# The Rayleigh Quotient

Eigenvalue analysis wasn’t giving me what I wanted the other day. So, to make a long story short, I decided to try Rayleigh’s method.

I won’t go through all the details of Rayleigh’s method, but the basic idea is you can obtain a very good approximation of the fundamental frequency of a structural model by using the displacements due to a static analysis as the shape function in Rayleigh’s quotient.

This makes sense–the eigenvalue equation, ${\bf K}{\bf x}=\omega^2{\bf M}{\bf x}$, is one of static equilibrium.

After some manipulation (see Chapter 8 of the Chopra book, 5th ed.), Rayleigh’s quotient can be expressed as $\omega^2 = \frac{g \sum m_j u_j}{\sum m_j u_j^2}$

where uj is the displacement at the jth degree-of-freedom (DOF) due to static loads in direct proportion to the mass at the DOF, i.e., a load pattern where Fj=mj*g at each DOF in the direction of vibration.

Implementing Rayleigh’s method in OpenSees is pretty straightforward. I’ll show the method with Example 8.9, a five story shear frame from the Chopra book.

There’s a few ways to define shear frame models. My favorite approach is to use a one-dimensional model with zero length springs in series.

N = 5 # Number of stories
k = 110 # Story stiffness
m = 1.25 # Floor mass

g = 386.4

ops.wipe()
ops.model('basic','-ndm',1,'-ndf',1)

ops.uniaxialMaterial('Elastic',1,k)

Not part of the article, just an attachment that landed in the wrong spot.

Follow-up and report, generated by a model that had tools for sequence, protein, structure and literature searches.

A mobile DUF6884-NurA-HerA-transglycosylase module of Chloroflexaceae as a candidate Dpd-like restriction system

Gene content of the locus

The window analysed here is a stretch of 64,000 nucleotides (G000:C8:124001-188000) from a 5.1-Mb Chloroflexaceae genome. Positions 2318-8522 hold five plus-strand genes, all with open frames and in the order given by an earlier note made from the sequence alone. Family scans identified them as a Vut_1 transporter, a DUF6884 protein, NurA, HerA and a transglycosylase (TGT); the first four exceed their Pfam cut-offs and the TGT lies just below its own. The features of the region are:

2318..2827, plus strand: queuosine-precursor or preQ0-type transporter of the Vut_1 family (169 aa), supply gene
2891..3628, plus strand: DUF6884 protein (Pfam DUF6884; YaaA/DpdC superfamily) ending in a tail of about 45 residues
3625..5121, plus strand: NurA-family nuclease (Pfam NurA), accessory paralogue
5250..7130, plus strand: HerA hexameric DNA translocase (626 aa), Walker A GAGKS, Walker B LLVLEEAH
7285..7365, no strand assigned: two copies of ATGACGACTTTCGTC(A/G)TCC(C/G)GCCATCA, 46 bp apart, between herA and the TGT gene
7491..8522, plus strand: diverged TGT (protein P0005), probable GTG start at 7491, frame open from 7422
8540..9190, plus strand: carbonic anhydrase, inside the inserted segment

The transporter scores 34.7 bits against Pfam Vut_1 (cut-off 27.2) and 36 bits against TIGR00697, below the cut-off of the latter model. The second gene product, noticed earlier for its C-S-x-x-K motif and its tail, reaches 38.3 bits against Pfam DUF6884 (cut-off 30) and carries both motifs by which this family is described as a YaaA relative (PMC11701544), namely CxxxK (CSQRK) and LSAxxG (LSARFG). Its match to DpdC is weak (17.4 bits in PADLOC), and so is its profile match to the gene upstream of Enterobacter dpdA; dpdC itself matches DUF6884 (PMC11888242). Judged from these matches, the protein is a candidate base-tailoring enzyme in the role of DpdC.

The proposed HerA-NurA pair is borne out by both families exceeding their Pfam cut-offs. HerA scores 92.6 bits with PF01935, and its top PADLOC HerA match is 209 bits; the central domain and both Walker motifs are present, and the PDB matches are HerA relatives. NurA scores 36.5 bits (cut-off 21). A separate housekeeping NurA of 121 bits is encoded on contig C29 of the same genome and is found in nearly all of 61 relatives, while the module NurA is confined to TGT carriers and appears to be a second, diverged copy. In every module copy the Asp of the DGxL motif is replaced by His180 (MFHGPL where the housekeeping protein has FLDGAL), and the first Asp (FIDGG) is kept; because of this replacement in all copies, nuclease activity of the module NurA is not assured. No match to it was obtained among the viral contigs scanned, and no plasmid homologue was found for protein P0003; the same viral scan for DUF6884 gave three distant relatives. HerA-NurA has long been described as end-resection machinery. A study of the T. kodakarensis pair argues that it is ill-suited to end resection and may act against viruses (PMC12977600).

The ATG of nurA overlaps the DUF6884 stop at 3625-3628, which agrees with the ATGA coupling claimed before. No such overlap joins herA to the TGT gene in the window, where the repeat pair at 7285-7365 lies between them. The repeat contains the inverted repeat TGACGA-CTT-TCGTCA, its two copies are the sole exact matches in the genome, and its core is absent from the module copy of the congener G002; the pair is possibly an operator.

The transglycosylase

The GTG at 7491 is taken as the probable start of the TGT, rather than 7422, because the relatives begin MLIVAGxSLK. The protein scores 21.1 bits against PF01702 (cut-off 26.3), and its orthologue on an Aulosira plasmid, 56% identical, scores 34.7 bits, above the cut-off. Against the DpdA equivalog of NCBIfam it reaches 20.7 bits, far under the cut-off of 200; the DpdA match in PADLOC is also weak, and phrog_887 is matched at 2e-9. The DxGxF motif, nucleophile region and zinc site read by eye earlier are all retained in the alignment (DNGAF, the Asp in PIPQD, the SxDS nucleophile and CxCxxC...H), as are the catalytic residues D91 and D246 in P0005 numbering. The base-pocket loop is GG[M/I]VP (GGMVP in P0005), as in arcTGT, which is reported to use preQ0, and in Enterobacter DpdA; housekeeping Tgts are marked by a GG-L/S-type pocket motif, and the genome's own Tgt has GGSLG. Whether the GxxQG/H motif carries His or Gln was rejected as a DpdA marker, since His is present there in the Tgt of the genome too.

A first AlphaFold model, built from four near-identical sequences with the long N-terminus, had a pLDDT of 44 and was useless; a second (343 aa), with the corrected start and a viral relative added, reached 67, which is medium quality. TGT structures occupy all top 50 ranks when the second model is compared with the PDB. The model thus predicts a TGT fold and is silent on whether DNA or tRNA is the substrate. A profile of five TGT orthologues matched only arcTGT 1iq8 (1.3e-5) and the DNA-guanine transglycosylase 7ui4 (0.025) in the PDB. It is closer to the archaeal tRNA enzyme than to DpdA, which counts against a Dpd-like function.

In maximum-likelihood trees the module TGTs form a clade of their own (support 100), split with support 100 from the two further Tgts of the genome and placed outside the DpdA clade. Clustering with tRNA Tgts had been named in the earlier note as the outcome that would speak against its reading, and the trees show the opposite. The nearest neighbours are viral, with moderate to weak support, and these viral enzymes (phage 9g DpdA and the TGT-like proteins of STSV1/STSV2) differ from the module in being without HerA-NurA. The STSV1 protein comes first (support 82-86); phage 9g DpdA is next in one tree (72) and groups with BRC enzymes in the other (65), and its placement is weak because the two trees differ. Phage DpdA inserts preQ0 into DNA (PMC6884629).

ops.node(0,0); ops.fix(0,1)
for j in range(N):
ops.node(j+1,0)
ops.mass(j+1,m)
ops.element('zeroLength',j+1,j,j+1,'-mat',1,'-dir',1)

The code to define a load pattern and compute the Rayleigh quotient is easy for the common case where mass is lumped at the nodes.

ops.timeSeries('Constant',1)
ops.pattern('Plain',1,1)
for j in range(N):
mj = ops.nodeMass(j+1,1)

ops.analysis('Static')
ops.analyze(1)

num = 0; den = 0
for j in range(N):
mj = ops.nodeMass(j+1,1)
uj = ops.nodeDisp(j+1,1)
num += mj*uj
den += mj*uj*uj

w2 = g*num/den
print(f'Rayleigh: w2 = {w2}, Period = {2*3.14159/w2**0.5}')
w2 = ops.eigen(1)
print(f'Eigenanalysis: w2 = {w2}, Period = {2*3.14159/w2**0.5}')

That’s right, I used 3.14159 for $\pi$. If you’re not using numpy or math for anything else, there’s no need to import these packages and all their baggage just to get 16 digits of $\pi$.

For models with more than one DOF per node, the code to compute the Rayleigh quotient is similar to what’s shown in this post on modal participation factors.

Here are the results for this simple model.

The period is pretty long for a five story frame; however, sometimes a number is a number.

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